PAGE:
Age is just a number. A big, stupid number. The perspectives we have about being a certain age change when we hit that age. When I was a kid, I thought 30 was old. When I turned 30, I thought 40 was old. When I turned 40, I thought a 9:30 bedtime sounded delightful. Complaining about my own age in this commentary is a delicate venture: I risk alienating and offending anyone older than me by referring to myself as “old.” I also risk losing interest of anyone younger than me by not communicating this message via memes and emojis. Nonetheless, please allow me to vent.
In my younger days, I used to be an amazing athlete. Well, perhaps “amazing” is a overstating it a little. I used to be an athlete. OK, maybe “athlete” is bit of an ambitious description. Let’s leave it at: I used to not get picked last for kickball games ... sometimes. These days, I’ve lost a half-step of speed and quickness in my athletic endeavors. I only had a quarter-step of speed and quickness to begin with, so I’m not really sure how that math works out. I can’t bench press as much weight now as compared to my glory days. Some might argue the bench press isn’t a functional, relevant movement for most adults anyway. However, I might someday need to hoist a slightly soggy foam pool noodle off my chest. I can’t afford to lose much more strength.
Nowadays, I often wake in the morning with aching joints and muscles and immediately try to recall what I did yesterday. I flail my arms and legs in various wonky motions attempting to stumble across the activity that caused the trauma. I finally gather it was from stirring a batch of muffin batter by hand instead of using the automatic stand mixer. I guess I have to stretch sufficiently before baking from now on.
My flexibility has deteriorated as the years have passed. Can I still touch my toes? Maybe if you cut off my foot and hand it to me. I can barely reach the backspace key on the keyboard with my pinky finger any more. Soon readers might have to tolerate more typos in this column.
Maybe I’m just bitter because I’m literally growing shorter. I barely exceed the height requirement to ride the really cool waterslides as it is. Maybe I’m bitter because my hairline is behaving more like a car insurance policy: I used to have “full coverage,” but now I’ve involuntarily downgraded to “liability only.” Maybe I’m bitter because I recently pulled a hamstring sneezing. But my whining seems somewhat justified considering this realization — I’ll likely never be faster, stronger or have more hair than I do today.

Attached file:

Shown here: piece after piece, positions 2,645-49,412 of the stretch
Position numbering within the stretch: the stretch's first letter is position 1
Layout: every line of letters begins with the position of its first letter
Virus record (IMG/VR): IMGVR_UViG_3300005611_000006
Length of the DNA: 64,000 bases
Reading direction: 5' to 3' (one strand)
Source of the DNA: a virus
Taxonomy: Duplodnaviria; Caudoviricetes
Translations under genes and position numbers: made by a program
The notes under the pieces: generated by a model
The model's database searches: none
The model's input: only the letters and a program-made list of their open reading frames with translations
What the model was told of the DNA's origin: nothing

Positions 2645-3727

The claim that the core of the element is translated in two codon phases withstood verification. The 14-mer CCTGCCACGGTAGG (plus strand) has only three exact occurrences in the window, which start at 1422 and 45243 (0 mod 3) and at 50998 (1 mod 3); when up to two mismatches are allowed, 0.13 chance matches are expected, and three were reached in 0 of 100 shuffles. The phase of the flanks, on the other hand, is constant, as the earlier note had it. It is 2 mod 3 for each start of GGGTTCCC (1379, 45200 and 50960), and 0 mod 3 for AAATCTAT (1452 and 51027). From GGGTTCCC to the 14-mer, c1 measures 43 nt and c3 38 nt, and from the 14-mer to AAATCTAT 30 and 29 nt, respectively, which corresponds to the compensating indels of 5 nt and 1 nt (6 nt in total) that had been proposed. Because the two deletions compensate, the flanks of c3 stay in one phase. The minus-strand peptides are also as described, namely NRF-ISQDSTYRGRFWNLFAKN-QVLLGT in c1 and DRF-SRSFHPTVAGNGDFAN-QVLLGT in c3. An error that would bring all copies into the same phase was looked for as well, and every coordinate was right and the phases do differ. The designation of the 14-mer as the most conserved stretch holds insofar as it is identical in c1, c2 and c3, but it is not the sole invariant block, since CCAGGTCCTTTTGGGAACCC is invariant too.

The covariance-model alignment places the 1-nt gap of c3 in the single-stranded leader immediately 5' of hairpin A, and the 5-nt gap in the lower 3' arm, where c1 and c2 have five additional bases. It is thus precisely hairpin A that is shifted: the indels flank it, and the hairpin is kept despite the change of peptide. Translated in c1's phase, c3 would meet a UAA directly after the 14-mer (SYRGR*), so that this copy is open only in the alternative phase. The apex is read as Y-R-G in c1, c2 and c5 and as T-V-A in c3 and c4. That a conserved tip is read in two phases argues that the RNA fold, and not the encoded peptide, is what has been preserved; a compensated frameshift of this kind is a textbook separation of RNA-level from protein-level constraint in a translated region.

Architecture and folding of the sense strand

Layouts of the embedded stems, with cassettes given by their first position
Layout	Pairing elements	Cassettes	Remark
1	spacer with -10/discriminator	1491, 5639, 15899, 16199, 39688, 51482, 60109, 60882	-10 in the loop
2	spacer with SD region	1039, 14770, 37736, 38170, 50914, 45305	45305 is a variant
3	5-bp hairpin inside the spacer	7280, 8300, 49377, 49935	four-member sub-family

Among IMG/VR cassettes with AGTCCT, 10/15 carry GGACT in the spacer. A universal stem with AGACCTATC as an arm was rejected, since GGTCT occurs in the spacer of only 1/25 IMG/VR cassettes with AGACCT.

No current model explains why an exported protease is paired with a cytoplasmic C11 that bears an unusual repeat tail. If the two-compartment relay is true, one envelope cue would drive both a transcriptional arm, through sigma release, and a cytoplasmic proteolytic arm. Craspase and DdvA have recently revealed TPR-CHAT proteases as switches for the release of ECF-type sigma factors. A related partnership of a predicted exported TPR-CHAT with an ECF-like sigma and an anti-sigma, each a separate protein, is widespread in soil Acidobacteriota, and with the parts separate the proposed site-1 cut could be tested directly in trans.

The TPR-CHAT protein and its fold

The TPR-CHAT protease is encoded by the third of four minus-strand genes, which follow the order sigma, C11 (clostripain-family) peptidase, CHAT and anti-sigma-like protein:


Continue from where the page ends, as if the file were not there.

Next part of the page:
Getting older indeed has its challenges. One of the hardest parts of aging is that feeling of a promising future, already spent. It’s a nagging sense that opportunities have come and gone. When we grow older, we no longer look forward to our very first kiss, our first job, the birth of our first child. Thankfully, that depleting perception is somewhat of an illusion. The illusion that as we reach certain milestones in life, we are supposed to stop moving forward. Stop planning. Stop dreaming. My fast-twitch muscle fibers may not be as twitchy as they once were. But my future is as bright now as it ever has been. I still look forward to sending my first child to college. Writing my first novel. Celebrating the Minnesota Vikings first Super Bowl win. (Please stop laughing; I’m trying to deliver a serious, inspirational message here.)
None of us are guaranteed tomorrow. Our future might contain only more day. And it might contain thousands. Our age simply represents the number of years we’ve existed on this planet. It’s just a big, stupid number. It tells us very little about the adventures we are yet to have and feats we are yet to accomplish. Somewhere along the way, society concocted the idea that the future is reserved for the young. But the future belongs to all of us, regardless our age. We are all in the same boat, rowing toward tomorrow. Although technically, the younger generations might have to man the oars while the rest of us go fishing and then take a nap.